Study: Marine Protections Fall Behind Land-based Efforts
A new study published in Conservation Letters finds that protection of marine habitats is lagging far behind that of terrestrial areas. While 12 percent of the world's lands are protected, only 4 percent of the world's coastal waters fall within "marine protected areas," a conservation tool used around the world to preserve ocean resources.
"Unfortunately, we found that great swathes of the world's coastal waters are unprotected, meaning coastal livelihoods, incomes, and food supplies are all at risk as fish stocks fall and coastlines erode," said Mark Spalding, senior marine scientist at The Nature Conservancy and lead author of the study. "The good news is that marine protected areas can be a powerful tool to ensure that ocean habitats remain healthy and productive for future generations -- but we need to expand and strengthen protection efforts now."
The study examined the protection status for each of the world's varied coastal ecoregions (geographically and scientifically similar areas) but also expanded its vision to the open oceans. Here levels of protection are even less, and the researchers found that only 0.7 percent of all ocean areas fall within protected areas.
At the 2004 Convention on Biological Diversity conference in Malaysia, more than 180 countries committed to protecting 10 percent of their respective oceans and coasts by 2012, and to creating "a global network of comprehensive, representative and effectively managed" marine protected areas (MPAs).
"The year 2008 marks the halfway point to this target, yet we are still far off-course, with great gaps in our efforts and little or no chance of reaching our goal on time," Spalding added. "While there are sparks of hope with many new and exciting marine conservation efforts and a growing list of success stories, world leaders need to prioritize protection of our oceans before it's too late."
Success stories where great advances have been made in marine protection include areas such as the Northwest Hawaiian Islands, Australia's Great Barrier Reef, and the Phoenix Islands in the Pacific Ocean. These examples are all large-scale protected areas, but even small protected areas can make a difference, such as the network of protected areas in the waters around many Caribbean Islands which serves as a great model for how countries can protect their oceans, improve fish-catches and tourism income, and provide a more secure environment for future generations.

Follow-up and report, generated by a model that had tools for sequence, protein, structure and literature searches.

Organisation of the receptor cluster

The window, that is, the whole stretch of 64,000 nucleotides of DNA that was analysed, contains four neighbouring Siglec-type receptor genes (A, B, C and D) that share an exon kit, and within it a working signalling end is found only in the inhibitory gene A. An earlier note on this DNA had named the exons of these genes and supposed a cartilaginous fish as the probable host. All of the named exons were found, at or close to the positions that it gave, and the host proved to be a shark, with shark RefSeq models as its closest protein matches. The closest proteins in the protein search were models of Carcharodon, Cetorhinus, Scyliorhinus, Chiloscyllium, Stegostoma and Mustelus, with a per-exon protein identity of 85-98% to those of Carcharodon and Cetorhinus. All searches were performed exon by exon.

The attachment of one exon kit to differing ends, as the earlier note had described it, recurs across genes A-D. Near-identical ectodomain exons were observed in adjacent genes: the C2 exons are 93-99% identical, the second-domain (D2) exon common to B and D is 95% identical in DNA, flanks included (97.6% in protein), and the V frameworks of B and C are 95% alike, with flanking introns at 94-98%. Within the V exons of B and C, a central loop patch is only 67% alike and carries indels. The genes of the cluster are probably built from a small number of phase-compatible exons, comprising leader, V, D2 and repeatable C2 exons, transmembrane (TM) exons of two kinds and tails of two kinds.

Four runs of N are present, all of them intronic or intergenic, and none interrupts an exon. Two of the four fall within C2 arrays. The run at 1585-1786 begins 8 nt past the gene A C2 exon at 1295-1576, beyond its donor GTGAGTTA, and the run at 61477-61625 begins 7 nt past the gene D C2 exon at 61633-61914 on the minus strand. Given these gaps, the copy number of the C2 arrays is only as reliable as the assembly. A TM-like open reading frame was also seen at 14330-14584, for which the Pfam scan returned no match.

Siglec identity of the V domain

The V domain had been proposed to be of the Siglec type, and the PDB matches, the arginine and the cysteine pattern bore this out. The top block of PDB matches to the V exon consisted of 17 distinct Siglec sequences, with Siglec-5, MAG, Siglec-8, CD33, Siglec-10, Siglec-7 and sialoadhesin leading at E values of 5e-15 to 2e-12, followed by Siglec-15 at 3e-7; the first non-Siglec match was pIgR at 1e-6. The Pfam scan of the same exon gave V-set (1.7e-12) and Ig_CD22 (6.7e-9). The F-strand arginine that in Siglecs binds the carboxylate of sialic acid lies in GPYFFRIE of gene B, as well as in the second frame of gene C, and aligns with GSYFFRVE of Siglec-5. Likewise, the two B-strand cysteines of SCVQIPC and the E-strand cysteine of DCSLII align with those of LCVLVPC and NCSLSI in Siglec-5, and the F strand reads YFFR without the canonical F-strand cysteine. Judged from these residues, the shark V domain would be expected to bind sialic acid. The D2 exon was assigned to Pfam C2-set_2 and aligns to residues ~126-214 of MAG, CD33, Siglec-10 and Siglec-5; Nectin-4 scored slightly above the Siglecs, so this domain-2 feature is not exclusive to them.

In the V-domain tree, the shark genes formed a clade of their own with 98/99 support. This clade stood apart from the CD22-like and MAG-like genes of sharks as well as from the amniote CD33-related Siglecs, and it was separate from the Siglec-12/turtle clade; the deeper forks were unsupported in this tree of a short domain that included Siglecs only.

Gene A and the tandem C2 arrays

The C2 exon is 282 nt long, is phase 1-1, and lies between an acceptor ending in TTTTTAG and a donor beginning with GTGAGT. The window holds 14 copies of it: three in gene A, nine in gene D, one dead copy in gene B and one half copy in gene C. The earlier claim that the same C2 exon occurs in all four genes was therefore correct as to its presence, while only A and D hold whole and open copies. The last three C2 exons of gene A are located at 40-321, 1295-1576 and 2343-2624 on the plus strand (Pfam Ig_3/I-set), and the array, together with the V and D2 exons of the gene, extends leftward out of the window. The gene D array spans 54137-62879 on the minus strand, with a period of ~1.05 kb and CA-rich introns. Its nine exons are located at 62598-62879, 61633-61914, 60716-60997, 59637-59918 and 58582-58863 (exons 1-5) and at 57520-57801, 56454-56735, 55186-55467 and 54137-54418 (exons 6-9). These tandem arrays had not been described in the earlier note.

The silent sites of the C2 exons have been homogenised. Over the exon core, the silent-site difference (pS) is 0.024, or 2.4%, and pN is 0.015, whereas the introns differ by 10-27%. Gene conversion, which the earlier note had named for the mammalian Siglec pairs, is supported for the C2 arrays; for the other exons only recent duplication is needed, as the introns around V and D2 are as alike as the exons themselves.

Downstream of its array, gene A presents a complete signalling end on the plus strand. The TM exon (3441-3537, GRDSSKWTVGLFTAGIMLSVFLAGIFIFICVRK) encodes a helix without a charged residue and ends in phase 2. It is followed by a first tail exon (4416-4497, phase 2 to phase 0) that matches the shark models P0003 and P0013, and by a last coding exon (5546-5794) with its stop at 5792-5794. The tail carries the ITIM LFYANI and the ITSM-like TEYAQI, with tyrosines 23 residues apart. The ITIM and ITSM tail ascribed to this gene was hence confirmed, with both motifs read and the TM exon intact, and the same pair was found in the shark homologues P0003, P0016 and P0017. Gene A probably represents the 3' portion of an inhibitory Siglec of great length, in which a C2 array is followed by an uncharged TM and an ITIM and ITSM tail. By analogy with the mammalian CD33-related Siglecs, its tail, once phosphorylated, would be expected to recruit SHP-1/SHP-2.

The study was a collaboration between The Nature Conservancy, United Nations Environment Programme World Conservation Monitoring Centre and the International Union for the Conservation of Nature. Using a marine classification system of coastal ecoregions (232 distinct ecological regions around the world) developed by The Nature Conservancy and the World Wildlife Fund and other partners, the study found that:
•Approximately half of all ecoregions have less than one percent of their oceans under MPA coverage, and 21 have no MPAs at all.
•Only 18 percent of the world's ecoregions have MPA coverage greater than 10 percent, including a number of very large MPAs, such as the Great Barrier Reef.
•Temperate areas are not as well protected as tropical areas. Temperate areas include the Northern Atlantic, South America, and Northern Africa, which are host to rare and valuable habitats; including giant kelp forests, oyster reefs, and deep coral communities and which support rich fisheries.
•Tropical areas, such as the Tropical Atlantic Ocean, are benefiting from higher levels of marine protection, especially in the Caribbean, where some fishing communities are now witnessing healthier and more abundant oceans.
•Most existing efforts are concentrated in a narrow coastal belt, within a kilometer of the coast, while further offshore marine protection efforts are minimal. In the high seas, beyond the jurisdiction of individual nations, marine protection remains virtually non-existent.